Has The Time Come For Universal Basic Income?
Last year the city of Oakland launched a program called Resilient Families to provide 600 low-income families with $500 a month for 18 months without any limitations on how the money can be spent. The funding came from donations from a philanthropic partnership (Blue Meridian Partners) and the program is run by a non-profit (UpTogether). The goal is to reduce poverty and wealth inequality. Can it work?
The Oakland program is one of many variants of a concept known as universal basic income (UBI). The idea is to provide all citizens of a country or municipality a small periodic stipend in order to reduce poverty and improve everyone’s quality of life. Unlike welfare programs there are no requirements regarding employment or any other criteria, it is paid to all citizens, and it is distributed in cash rather than as vouchers.
You might be surprised to learn that the concept of UBI has been around for centuries. It arose after the Renaissance when the responsibility of looking after the welfare of poor people began shifting from the Church to municipal governments. Most early programs focused on old-age social insurance, including one proposed by Thomas Paine as early as 1795 and another implemented in Germany under Bismarck in 1889. By the latter half of the 20th century broader UBI experiments had been started in various U.S. states and in various countries, although most of them, like the Oakland model, were limited to low-income individuals. Today there are more than 48 programs active in various U.S. cities, some publicly funded. The state of California has set aside $35 million for city-run pilot programs.
Opponents assert that there’s not enough public money to fund such a program on a national scale without raising taxes significantly. They are also concerned that, because there is no employment requirement, UBI may act as a disincentive for people to work. Supporters point to the fact that unemployment was actually reduced under many of the UBI pilot program. Other pilot benefits cited include increased school attendance and improved health, the latter likely due to greater financial stability as well as the elimination of the stigma of welfare. And supporters also argue that if UBI were to replace government welfare programs, the elimination of the massive welfare administration bureaucracies could free up a significant amount of government money.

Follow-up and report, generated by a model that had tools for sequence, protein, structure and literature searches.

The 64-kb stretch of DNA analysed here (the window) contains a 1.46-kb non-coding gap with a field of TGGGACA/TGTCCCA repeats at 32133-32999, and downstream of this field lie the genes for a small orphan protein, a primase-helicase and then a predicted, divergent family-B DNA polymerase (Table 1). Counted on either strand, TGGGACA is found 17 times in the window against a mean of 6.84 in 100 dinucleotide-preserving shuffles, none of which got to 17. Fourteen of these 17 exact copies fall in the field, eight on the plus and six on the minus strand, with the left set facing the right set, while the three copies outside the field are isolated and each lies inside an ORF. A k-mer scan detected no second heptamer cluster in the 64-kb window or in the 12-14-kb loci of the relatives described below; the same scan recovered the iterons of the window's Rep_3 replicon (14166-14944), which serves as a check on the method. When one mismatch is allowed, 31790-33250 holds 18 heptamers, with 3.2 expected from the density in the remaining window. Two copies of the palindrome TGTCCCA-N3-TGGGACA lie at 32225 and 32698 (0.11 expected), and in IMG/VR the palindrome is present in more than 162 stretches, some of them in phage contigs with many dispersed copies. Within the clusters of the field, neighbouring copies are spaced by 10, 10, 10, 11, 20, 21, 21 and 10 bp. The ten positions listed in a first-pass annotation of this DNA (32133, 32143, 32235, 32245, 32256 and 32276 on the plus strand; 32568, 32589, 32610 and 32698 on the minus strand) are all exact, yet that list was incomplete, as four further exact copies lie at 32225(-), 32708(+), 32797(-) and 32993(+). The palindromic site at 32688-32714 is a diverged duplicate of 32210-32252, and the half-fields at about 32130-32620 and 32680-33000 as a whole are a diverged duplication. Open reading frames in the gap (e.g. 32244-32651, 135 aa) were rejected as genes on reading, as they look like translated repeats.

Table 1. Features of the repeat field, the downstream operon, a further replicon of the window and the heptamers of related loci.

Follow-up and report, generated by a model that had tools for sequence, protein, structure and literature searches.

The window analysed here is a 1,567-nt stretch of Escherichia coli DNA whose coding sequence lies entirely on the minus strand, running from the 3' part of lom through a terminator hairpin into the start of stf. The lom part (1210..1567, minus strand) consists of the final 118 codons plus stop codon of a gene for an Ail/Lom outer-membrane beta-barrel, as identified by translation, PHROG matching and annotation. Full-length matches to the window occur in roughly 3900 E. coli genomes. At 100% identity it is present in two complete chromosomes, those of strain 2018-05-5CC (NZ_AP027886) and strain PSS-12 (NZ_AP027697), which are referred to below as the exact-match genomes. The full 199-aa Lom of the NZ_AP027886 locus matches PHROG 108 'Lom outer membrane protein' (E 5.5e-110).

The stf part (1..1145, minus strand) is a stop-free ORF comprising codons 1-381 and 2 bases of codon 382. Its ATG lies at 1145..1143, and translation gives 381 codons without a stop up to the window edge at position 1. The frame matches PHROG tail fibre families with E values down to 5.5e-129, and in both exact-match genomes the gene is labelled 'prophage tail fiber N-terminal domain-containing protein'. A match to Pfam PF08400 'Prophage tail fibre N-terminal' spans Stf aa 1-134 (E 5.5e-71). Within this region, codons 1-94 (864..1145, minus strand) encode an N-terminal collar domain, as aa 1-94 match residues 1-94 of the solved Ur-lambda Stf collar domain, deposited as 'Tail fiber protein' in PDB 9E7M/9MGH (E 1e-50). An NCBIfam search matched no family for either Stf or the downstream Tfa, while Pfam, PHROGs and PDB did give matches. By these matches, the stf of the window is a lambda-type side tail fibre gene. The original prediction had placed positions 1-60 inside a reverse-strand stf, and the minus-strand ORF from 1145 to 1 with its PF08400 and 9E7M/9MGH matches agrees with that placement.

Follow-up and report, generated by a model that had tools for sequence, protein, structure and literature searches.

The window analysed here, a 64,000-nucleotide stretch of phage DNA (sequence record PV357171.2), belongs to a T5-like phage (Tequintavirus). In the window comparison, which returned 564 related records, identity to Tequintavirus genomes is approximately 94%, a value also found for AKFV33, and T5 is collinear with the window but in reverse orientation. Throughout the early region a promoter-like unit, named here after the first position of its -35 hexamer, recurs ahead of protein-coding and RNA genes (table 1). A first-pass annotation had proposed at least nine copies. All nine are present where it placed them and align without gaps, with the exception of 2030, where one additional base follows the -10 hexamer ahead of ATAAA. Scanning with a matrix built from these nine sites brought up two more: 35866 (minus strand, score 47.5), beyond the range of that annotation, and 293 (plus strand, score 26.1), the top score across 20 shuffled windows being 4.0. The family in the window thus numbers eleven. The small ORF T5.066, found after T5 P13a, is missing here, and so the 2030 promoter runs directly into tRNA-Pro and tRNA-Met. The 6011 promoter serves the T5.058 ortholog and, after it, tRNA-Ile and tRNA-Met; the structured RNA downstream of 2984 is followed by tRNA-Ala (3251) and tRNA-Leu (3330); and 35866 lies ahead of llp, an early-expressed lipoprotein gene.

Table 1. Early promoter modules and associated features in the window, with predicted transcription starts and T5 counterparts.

UBI also has the potential to address another concern shared by many these days. It’s the acceleration of job losses as a result of artificial intelligence being applied more ubiquitously in many fields. Could UBI act as an effective safety net?
There’s not enough evidence yet to conclude that the American public is politically ready to embrace UBI, nor whether or not the most successful pilot programs could be scaled up nationally (or at least statewide). Nor do we have a definitive answer to the question posed in the title of this blog. But the possibilities are intriguing.